October 24, 2000
By Rafael Lorente, Ellis Berger And Doreen Hemlock Sun-Sentinel. Web-posted: 11:23 p.m. Oct. 23, 2000
WASHINGTON -- Cuba threatened to cut off all telephone service with the United States on Monday if the families of the Brothers to the Rescue pilots shot down by President Fidel Castro's air force are allowed to collect judgements from Cuban accounts frozen since the 1960s.
"The government of Cuba reserves the right to adopt the measures it judges pertinent, including cutting off all direct and indirect telephone communications between Cuba and the United States," the government said in a front page editorial in the Communist Party newspaper Granma.
Cuba also said it would begin imposing a 10 percent tax on all phone calls between the two countries until the government recovers the money taken from its accounts.
But some question whether Castro's government would cut off communications since Cuba collects about $70 million a year in connection fees from U.S. companies handling calls between the countries. Cuba has cut direct telephone communications in the past, but in recent years has allowed for indirect communications routed through third countries, such as Canada.
Under a recently passed bill that President Clinton has promised to sign, about $50 million of the frozen fundsis to be awarded to the families of three of the men killed when their civilian planes were shot down by Cuban fighter jets in 1996. The legislation, which also affects victims of terrorism who have sued Iran and other countries, would make it easier for the families to collect another $35 million in court-ordered sanctions against Cuba for not taking part in the federal lawsuit over liability in the shoot-down.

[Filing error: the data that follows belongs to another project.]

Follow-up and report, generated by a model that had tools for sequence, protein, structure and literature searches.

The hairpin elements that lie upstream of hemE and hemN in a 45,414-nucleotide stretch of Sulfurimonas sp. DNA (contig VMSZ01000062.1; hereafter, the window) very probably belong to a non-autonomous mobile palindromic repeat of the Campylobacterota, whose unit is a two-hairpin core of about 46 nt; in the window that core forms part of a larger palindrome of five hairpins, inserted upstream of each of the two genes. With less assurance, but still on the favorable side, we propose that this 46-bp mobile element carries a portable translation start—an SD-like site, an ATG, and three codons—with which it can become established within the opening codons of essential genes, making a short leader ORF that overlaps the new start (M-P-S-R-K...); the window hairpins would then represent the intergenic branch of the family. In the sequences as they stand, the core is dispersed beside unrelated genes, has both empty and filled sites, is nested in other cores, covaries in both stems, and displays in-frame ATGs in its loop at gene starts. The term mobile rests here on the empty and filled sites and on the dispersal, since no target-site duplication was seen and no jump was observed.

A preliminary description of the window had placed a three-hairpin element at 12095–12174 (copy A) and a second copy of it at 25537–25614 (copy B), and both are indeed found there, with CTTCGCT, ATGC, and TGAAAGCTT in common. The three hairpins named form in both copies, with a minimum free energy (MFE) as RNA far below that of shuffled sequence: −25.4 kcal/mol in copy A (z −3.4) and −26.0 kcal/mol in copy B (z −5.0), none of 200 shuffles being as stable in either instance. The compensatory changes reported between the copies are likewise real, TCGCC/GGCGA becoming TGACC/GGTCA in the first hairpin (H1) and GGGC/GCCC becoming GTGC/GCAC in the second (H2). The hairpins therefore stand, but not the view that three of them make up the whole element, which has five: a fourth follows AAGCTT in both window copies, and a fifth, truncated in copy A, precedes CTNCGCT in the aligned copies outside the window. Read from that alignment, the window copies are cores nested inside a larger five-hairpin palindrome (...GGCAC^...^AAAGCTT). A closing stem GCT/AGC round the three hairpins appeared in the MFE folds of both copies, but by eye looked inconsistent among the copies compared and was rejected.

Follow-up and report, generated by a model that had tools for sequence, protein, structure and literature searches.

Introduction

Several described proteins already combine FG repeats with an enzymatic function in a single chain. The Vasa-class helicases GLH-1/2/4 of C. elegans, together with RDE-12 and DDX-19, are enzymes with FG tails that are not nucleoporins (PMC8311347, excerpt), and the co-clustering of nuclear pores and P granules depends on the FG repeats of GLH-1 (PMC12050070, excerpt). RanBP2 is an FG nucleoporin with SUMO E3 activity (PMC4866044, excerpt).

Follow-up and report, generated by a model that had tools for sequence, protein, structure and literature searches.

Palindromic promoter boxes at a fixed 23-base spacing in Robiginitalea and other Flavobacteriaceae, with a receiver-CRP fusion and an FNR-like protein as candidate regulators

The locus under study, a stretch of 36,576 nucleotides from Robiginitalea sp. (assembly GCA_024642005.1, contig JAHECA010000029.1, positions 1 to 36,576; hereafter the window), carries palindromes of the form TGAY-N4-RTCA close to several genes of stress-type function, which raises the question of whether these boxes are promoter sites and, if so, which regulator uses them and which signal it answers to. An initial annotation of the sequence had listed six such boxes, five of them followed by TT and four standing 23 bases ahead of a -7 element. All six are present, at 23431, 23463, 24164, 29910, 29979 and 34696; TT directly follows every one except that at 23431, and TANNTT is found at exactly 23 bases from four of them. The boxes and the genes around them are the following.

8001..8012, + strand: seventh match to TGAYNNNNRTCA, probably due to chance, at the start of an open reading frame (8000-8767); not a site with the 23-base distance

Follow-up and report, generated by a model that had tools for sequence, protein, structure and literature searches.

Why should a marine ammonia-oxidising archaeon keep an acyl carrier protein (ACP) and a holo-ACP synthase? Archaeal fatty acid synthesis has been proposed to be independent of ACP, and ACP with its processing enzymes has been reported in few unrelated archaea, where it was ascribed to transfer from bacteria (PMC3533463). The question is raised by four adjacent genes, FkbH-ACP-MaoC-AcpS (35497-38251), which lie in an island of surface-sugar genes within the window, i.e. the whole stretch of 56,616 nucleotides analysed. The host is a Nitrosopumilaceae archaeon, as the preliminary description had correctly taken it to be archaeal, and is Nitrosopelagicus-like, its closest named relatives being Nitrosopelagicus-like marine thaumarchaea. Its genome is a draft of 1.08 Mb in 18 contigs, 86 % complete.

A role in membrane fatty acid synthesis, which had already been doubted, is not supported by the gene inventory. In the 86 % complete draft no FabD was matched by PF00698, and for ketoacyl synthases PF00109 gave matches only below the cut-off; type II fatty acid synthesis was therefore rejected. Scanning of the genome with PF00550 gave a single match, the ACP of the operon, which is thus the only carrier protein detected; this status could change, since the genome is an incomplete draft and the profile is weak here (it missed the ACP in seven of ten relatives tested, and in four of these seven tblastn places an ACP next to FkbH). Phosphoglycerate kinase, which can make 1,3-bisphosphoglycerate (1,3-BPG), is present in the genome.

The United States holds about $200 million in frozen Cuban assets, said Ron Kleinman, an attorney for the families.
Maggie Khuly, sister of Armando Alejandre, one of the men killed, said countries such as Cuba, Iraq, Iran, Lybia and others are only deterred by economic measures.
"When Cuba was declared guilty of murder in the shooting down of our planes they didn't care at all. But when we started the collection process, they got interested," she said.
AT&T, which operates about half of the estimated 1,000 direct circuits between the United States and Cuba, said Monday that its lawyers were studying the tax law and declined comment.
Officials at the Treasury Department could not be reached for comment.
However, once the legislation takes effect, families could begin to collect within 60 days, Kleinman said.
Telecom executives say Cuba could easily cut off direct phone service to the United States and it was taking steps so that U.S. phone companies, such as AT&T and MCI-Worldcom, won't re-route their calls through third countries.
The upshot is a "super can of worms," said Enrique J. Lopez, president of Coral Gables-based AKL Group, a telecommuniactions consulting group that has done work on Cuban telecommunications.
Lopez said phone companies outside the states would face "an administrative nightmare" trying to re-jigger their billing systems to impose the tax on U.S.-Cuba calls. It would be easier for those companies administratively and politically not to re-route the U.S. calls to and from Cuba, Lopez said.
Rafael Lorente can be reached at email@example.com or 202-824-8225 in Washington. Sun-Sentinel wire services were used to supplement this report.
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